Tuesday, 27 June 2017

From free movers to settled immigrants

The publication of the Brexit government’s plans for EU nationals in the UK and UK nationals in rEU has already attracted much derision for its most obvious deficiencies. These include the uncertainty about the cut-off date, the issue of who will enforce rights and the question of whether whatever arrangement is finally agreed would survive the breakdown of the rest of the Brexit talks. Equally, although the proposals suggest a more streamlined process than the existing one for residency (including dropping the ludicrous demand for proof of health insurance that no one had ever been told they needed), the fee to be charged hasn’t been specified and it is highly unclear that the government has the administrative capacity to quickly process applications. And, whatever happens, none of this is going to lead to the reduction of red tape that Brexiters claimed as one of the benefits of leaving the EU!

It seems unlikely that these proposals will be agreed in their present form by the EU, but almost whatever arrangements do emerge there is a much more fundamental problem with them, and a much more fundamental loss which arises from them. The creation of a “settled status” category of persons is precisely to indicate the loss of the benefits and joys of freedom of movement. No doubt for some people who have, indeed, settled in the UK on a long-term basis and want to continue to do so, some version of these proposals will be more or less viable at a practical level. Even for them, any new system will be bothersome and intrusive and it can be expected that many more than those already leaving will feel disinclined to stay in a country which has so strongly signalled an antipathy to their presence. But, in any case, for many people freedom of movement was not about the chance to “settle” in another country but gave the opportunity to come in and out at different times for long or short periods.

This might be particularly the case for couples and families containing citizens from different member states. It will not necessarily be the case that they have settled in the UK for the five continuous years required. An Anglo-German couple, say, may have lived for shorter periods in one or other country (or in a third country). They may split their residency between countries at different times of the year. For that matter, they may have predicated their career and family plans on being in one country now but at some later stage being able to move for some period to the other country. Yet under the current proposals “settled status” will be lost after a two year absence, except for those who have undefined “strong ties” with the UK (paragraph 22 of the proposals).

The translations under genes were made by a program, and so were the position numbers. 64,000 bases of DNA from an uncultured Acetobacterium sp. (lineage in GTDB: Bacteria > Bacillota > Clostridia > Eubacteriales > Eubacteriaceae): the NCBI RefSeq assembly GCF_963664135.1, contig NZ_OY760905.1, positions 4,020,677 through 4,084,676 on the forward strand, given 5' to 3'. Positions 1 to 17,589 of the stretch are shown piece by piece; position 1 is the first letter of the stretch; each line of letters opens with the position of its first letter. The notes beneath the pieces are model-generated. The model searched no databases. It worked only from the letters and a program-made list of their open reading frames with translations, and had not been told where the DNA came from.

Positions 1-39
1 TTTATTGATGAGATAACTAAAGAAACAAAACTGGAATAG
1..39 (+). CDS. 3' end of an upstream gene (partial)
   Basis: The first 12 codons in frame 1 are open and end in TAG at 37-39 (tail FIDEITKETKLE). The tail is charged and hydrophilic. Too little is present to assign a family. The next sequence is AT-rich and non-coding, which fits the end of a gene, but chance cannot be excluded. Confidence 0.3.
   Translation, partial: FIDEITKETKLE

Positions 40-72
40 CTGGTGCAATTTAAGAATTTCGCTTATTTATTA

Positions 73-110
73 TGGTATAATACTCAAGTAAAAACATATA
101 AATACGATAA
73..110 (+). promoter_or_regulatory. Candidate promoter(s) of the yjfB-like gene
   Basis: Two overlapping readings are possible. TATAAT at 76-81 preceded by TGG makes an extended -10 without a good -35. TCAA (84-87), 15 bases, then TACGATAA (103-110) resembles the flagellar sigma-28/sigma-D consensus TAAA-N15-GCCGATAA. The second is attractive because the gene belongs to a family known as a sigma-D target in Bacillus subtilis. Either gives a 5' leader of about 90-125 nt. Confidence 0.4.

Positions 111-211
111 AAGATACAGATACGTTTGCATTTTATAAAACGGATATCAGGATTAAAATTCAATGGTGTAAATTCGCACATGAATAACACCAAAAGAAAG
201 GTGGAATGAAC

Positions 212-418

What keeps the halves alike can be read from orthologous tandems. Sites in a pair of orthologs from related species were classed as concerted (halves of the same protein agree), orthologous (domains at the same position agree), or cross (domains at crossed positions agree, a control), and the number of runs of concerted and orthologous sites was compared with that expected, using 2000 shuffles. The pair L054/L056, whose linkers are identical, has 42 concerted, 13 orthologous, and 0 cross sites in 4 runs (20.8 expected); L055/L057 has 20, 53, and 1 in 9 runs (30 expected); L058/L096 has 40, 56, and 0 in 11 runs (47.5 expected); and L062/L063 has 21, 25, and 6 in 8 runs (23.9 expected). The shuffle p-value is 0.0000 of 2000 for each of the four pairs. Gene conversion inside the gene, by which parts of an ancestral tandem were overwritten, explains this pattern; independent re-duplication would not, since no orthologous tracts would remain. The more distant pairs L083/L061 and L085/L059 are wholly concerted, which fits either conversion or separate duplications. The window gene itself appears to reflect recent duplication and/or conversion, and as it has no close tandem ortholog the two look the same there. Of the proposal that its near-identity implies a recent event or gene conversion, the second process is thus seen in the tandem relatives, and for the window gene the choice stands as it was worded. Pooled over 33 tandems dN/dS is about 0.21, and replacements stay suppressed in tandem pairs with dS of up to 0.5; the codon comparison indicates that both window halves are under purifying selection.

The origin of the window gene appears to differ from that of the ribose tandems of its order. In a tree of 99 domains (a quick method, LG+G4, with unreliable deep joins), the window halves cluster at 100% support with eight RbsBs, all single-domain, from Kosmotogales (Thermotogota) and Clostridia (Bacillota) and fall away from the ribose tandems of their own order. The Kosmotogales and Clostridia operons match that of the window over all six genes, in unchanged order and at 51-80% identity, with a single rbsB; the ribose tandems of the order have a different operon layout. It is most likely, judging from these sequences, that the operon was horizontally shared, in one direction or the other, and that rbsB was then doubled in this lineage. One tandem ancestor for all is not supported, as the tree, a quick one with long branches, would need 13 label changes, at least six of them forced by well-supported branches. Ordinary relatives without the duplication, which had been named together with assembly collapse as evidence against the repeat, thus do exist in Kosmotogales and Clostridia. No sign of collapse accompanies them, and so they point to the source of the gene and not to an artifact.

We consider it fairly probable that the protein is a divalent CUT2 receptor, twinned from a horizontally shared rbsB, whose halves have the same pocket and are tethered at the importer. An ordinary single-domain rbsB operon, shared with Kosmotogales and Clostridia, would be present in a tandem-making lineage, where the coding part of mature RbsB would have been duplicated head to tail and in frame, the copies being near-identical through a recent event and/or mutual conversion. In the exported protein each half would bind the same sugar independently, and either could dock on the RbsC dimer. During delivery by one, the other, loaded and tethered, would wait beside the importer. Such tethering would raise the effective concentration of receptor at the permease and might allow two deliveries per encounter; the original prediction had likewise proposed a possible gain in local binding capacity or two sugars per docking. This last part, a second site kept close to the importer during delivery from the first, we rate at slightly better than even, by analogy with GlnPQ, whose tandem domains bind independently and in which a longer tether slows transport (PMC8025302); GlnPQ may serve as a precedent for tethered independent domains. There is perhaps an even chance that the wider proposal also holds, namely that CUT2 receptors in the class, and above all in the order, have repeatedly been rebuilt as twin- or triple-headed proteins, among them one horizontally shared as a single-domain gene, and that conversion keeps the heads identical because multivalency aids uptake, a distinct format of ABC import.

What informs the UK approach is a naïve view of immigration – as being a kind of mechanistic one-time move from living in one country to another – and in particular a naïve conflation of free movement of people with immigration (which, indeed, is precisely how it has invariably figured in the Brexit debates). This was alluded to by Sir Ivan Rogers (p.10) in his February 2017 evidence to the House of Commons Exiting the EU Committee:

They [the rest of the EU] genuinely do not understand a UK debate in which the two are conflated at all. They do not understand why a Government would have a migration target covering migration from within the European Union, which for other people is not migration. They do not call it migration; they do not call it immigration. They call it free movement… [t]hey said, “But one is migration, which is external to the European Union, and the other is free movement of people, which is not at all the same thing”.

This reflects the longstanding British failure to understand what a single market is and how it differs from a free trade area, which I have written about in another post. Because, indeed, within a single market it makes no more sense to talk about immigration between member countries than it does to do so between counties in Britain. And free movement as opposed to immigration connotes something much more than the transactional economic cost-benefit analysis on both sides of the Brexit debate, for all that ending it will, indeed, entail massive economic problems for Britain. Rather, it connotes a much broader set of cultural and social possibilities.

It is this European meaning of free movement as a way of life which will be lost by Brexit, whatever deal ends up being struck about residency and rights, and those most immediately affected did not even have a vote on the decision. So people who have built their lives and plans in the perfectly legitimate expectation of an established political system guaranteeing their freedom of movement will lose it to become – if they qualify and if they wish it – not free movers but settled immigrants. Moreover, to the extent that the government intends these arrangements to be reciprocal for UK citizens in rEU those citizens, too, will have lost the free movement status they hitherto had and relied upon.

Finally, it should not be forgotten that although the direct impact will be greatest upon those who were exercising their freedom of movement rights at the cut off point, we have all lost out. Freedom of movement is, indeed, just that: a freedom. Every single UK citizen who may in the past and might in the future wish to move freely within the EU for short or long periods with minimal administrative and practical barriers is about to lose something rare, valuable and precious. All those opportunities to live, work, study and retire that we used all to be able to exercise if and when we chose have been sacrificed on the altar of the Brexit cult.

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